colinneagle writes "Among the eye-opening statements in his recent TED talk, Mozilla CEO Gary Kovacs said, 'Privacy is not an option, and it shouldn't be the price we accept for just getting on the Internet. Our voices matter and our actions matter even more.' After you download and install Collusion in Firefox, you can 'see who is tracking you across the Web and following you through the digital woods,' Kovacs stated. 'Going forward, all of our voices need to be heard. Because what we don't know can actually hurt us. Because the memory of the Internet is forever. We are being watched. It's now time for us to watch the watchers.' I've been using Collusion for some time now and it is jaw-dropping to watch all the sites that still stalk us across the web even with DNT and privacy add-ons. The Collusion page states: 'The Ford Foundation is supporting Mozilla to develop the Collusion add-on so it will enable users to not only see who is tracking them across the Web, but also to turn that tracking off when they want to.'"
sl4shd0rk writes "Federal Judge Richard Posner seems to be a man who gets the screwed up patent system in the U.S. As Apple pressed for more injunctions against Motorola regarding alleged patent infringement, Judge Posner has stressed the two companies should just 'get along' and pay each other royalties. A jury trial set to start last week was cancelled when Posner ruled that neither side could prove damages, and grilled Apple's legal team saying an injunction against Motorola would be 'contrary to the public interest.' Furthermore, as Apple tried to plead its injunction case concerning four patents, Posner called the U.S. patent system 'chaos' and said an order barring the sale of Motorola phones could have 'catastrophic effects.'"
snydeq writes "Law professor Tim Wu sheds light on a growing legal concern: the extent to which computers have a constitutional right to free speech. 'This may sound like a fanciful question, a matter of philosophy or science fiction. But it's become a real issue with important consequences,' Wu writes. First it was Google defending — and winning — a civil suit on grounds that search results are constitutionally protected speech. Now it is doubling down on the argument amidst greater federal scrutiny. 'Consider that Google has attracted attention from both antitrust and consumer protection officials after accusations that it has used its dominance in search to hinder competitors and in some instances has not made clear the line between advertisement and results. Consider that the "decisions" made by Facebook's computers may involve widely sharing your private information. ... Ordinarily, such practices could violate laws meant to protect consumers. But if we call computerized decisions "speech," the judiciary must consider these laws as potential censorship, making the First Amendment, for these companies, a formidable anti-regulatory tool.'"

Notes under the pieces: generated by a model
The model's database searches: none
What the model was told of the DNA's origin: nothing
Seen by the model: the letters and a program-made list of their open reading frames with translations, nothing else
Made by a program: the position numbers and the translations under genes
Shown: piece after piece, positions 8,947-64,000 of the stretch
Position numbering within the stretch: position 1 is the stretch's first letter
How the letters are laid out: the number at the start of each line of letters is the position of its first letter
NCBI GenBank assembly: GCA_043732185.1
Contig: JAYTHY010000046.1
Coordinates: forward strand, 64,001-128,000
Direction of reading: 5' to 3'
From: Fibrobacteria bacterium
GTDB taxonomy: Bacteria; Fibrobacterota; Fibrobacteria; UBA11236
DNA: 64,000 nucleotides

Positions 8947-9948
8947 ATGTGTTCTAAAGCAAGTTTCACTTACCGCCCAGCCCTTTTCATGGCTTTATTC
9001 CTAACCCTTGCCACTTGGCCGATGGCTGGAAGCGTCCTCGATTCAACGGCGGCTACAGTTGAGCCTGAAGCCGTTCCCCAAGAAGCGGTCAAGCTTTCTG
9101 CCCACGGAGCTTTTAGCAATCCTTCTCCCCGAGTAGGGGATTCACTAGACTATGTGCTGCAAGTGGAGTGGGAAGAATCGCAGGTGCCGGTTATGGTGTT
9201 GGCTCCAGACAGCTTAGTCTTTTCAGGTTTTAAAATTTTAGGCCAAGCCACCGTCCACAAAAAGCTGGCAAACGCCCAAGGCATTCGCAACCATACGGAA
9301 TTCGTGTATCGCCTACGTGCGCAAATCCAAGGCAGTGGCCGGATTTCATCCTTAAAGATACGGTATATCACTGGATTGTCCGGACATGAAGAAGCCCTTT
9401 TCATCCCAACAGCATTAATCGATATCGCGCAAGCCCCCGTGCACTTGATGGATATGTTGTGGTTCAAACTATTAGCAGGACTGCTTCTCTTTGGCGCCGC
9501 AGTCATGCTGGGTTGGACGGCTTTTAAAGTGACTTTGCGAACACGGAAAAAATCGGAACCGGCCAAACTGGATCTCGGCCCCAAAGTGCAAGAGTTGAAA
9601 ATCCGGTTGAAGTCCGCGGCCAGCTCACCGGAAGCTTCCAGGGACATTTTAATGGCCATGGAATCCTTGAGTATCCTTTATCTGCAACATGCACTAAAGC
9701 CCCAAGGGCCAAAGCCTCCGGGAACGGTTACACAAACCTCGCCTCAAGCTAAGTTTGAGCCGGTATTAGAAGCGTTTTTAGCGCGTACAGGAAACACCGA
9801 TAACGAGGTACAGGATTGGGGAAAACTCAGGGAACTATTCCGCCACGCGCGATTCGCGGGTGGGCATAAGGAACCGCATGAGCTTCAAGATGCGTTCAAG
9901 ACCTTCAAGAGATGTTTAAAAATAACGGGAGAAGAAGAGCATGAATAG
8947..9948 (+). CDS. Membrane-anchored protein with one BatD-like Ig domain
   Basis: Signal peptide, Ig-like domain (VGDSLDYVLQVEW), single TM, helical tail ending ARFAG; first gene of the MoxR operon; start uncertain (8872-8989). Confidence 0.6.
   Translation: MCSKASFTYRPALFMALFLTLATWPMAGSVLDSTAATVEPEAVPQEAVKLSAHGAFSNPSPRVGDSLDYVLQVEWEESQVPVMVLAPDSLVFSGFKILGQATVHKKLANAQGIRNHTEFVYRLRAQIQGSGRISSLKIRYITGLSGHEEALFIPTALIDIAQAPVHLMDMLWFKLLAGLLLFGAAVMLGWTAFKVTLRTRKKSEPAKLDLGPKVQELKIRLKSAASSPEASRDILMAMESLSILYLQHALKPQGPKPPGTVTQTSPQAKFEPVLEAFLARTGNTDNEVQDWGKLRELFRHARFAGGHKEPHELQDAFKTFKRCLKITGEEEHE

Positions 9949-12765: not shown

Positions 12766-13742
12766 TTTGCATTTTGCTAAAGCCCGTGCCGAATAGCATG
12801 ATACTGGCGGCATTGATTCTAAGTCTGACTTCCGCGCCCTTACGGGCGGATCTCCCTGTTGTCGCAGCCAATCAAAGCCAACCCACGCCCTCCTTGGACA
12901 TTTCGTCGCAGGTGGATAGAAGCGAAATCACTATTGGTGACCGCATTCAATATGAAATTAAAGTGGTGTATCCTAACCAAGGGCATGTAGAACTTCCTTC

hapworth writes "Eugene Kaspersky, founder and CEO of cybersecurity firm Kaspersky Lab, has warned that one of the greatest cyber threats facing the world is the lack of effective online voting systems, claiming that unless young people can vote online they won't bother at all and the whole democratic system will collapse. Not everyone is buying that theory, however (and there's reason to suspect Kaspersky has a vested interest in online voting, which may need his firm's cybersecurity products). As producer James Lambie writes, 'Ultimately, the digital native's disenchantment with voting is based less on a lack of suitable technology and more on disillusionment with the craven and anemic political choices they are presented with.'"